BANGOR (AP) – A federal magistrate has moved to dismiss a lawsuit challenging a state law that calls for maintaining 11 motor vehicle access points along the Allagash Wilderness Waterway.

In their lawsuit, Charles Fitzgerald of Atkinson and Kenneth Kline of Bar Harbor contended the state law conflicts with the Wild and Scenic Rivers Act, a federal law under which the Allagash was designated a wild river area in 1970.

The U.S. Department of the Interior limited motor vehicle access points to just two places when the 92-mile waterway was named a wild river area.

But Magistrate Judge Margaret Kravchuk wrote Monday that state officials have the right to set management policies for the waterway because it’s owned and operated by the state, not the federal government. The state already made permanent six bridges that had been temporary before the Legislature mandated the 11 motor vehicle access points, she noted.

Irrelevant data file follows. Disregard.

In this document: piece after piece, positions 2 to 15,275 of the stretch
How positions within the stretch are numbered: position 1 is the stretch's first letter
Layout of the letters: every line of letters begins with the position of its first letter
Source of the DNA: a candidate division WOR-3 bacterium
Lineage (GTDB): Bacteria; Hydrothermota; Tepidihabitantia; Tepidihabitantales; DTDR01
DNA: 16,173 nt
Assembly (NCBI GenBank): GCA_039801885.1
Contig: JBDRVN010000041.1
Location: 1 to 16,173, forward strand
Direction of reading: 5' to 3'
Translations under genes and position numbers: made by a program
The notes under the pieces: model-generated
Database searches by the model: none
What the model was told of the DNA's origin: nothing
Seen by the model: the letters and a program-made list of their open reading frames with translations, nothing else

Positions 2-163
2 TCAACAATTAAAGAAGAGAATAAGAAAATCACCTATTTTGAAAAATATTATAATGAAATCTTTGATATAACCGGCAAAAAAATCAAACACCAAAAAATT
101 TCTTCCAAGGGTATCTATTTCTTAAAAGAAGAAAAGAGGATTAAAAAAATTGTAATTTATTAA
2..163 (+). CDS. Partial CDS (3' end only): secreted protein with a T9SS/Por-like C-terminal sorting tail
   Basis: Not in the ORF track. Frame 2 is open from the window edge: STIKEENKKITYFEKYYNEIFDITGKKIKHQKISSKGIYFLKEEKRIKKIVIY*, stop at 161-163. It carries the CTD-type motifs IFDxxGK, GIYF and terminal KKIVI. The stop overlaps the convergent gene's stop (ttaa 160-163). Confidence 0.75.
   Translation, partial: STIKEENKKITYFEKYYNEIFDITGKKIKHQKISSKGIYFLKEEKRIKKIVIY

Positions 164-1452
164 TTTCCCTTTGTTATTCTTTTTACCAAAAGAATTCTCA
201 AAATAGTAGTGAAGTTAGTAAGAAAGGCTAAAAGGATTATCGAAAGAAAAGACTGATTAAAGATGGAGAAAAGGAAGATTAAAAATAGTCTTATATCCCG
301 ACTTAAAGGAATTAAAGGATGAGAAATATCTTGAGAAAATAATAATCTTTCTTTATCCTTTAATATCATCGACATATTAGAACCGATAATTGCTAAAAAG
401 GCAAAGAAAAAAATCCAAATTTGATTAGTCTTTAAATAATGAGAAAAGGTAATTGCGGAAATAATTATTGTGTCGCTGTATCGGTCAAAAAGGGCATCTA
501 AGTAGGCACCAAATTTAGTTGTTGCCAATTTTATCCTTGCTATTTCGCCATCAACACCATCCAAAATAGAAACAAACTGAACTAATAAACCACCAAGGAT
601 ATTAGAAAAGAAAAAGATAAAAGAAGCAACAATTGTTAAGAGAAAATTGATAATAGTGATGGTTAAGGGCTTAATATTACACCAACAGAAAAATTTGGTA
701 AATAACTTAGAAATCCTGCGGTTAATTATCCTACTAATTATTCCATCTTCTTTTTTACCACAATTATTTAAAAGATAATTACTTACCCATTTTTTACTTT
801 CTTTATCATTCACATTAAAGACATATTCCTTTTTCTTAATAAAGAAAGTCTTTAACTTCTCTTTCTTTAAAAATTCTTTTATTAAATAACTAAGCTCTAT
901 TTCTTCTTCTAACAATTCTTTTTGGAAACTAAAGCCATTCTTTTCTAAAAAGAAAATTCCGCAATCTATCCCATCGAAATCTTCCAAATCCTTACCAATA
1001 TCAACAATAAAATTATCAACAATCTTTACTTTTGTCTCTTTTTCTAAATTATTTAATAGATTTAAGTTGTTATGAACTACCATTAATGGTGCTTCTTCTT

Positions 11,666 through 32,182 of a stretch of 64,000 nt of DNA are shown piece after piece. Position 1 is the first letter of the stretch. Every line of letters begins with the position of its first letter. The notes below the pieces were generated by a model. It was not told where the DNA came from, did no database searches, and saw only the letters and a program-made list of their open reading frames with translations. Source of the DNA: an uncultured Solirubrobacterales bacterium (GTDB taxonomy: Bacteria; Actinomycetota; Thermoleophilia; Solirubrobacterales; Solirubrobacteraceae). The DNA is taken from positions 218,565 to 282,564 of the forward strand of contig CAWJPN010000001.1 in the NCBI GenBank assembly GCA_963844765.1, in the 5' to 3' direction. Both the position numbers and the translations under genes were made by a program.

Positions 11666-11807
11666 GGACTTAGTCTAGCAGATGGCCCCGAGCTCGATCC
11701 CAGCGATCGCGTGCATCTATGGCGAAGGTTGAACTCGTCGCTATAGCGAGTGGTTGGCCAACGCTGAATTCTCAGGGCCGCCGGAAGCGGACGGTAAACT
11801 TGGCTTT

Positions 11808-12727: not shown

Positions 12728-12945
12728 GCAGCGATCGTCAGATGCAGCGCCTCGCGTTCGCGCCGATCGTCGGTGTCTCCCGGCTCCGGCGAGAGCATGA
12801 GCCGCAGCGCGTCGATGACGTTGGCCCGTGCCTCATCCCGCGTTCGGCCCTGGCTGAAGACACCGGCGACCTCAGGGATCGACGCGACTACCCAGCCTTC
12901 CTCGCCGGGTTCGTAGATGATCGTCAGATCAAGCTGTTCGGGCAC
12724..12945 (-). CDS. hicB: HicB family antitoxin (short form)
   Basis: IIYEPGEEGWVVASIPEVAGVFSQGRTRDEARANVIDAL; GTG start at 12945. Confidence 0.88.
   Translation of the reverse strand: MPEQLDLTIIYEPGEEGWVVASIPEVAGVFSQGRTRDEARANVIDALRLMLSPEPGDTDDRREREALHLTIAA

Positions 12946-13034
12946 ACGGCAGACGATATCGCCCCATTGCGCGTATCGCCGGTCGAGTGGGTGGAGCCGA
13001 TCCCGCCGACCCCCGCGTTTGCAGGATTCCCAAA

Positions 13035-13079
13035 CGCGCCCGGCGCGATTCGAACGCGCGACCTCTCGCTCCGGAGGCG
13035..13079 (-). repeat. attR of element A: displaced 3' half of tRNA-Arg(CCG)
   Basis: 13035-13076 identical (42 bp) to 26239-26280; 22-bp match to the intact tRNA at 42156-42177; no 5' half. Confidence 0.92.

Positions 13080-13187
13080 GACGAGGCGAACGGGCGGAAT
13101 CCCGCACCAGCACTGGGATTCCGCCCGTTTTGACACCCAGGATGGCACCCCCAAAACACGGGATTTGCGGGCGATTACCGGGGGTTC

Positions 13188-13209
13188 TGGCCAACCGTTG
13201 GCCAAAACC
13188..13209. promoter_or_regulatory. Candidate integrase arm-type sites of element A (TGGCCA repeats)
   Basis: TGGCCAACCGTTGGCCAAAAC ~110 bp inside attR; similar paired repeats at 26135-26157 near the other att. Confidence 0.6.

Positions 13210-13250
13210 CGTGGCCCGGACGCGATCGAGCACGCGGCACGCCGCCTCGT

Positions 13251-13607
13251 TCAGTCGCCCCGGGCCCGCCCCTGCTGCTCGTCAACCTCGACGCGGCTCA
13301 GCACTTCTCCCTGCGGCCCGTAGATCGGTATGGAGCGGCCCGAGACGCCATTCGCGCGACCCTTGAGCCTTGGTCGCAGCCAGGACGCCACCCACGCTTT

“It certainly seems apparent that the Allagash is no longer ‘a wild, scenic river, generally inaccessible except by trail,’ if it ever was such a river, as it now has eleven motor vehicle access points and six permanent watercourse crossings,” she wrote.

If federal officials disagree with the state’s management of the waterway, they can either recommend changes to the state or opt to remove the Allagash from the wild and scenic river system, she said.

U.S. District Judge John Woodcock now will consider Kravchuk’s recommendation as well as any responses from both sides.


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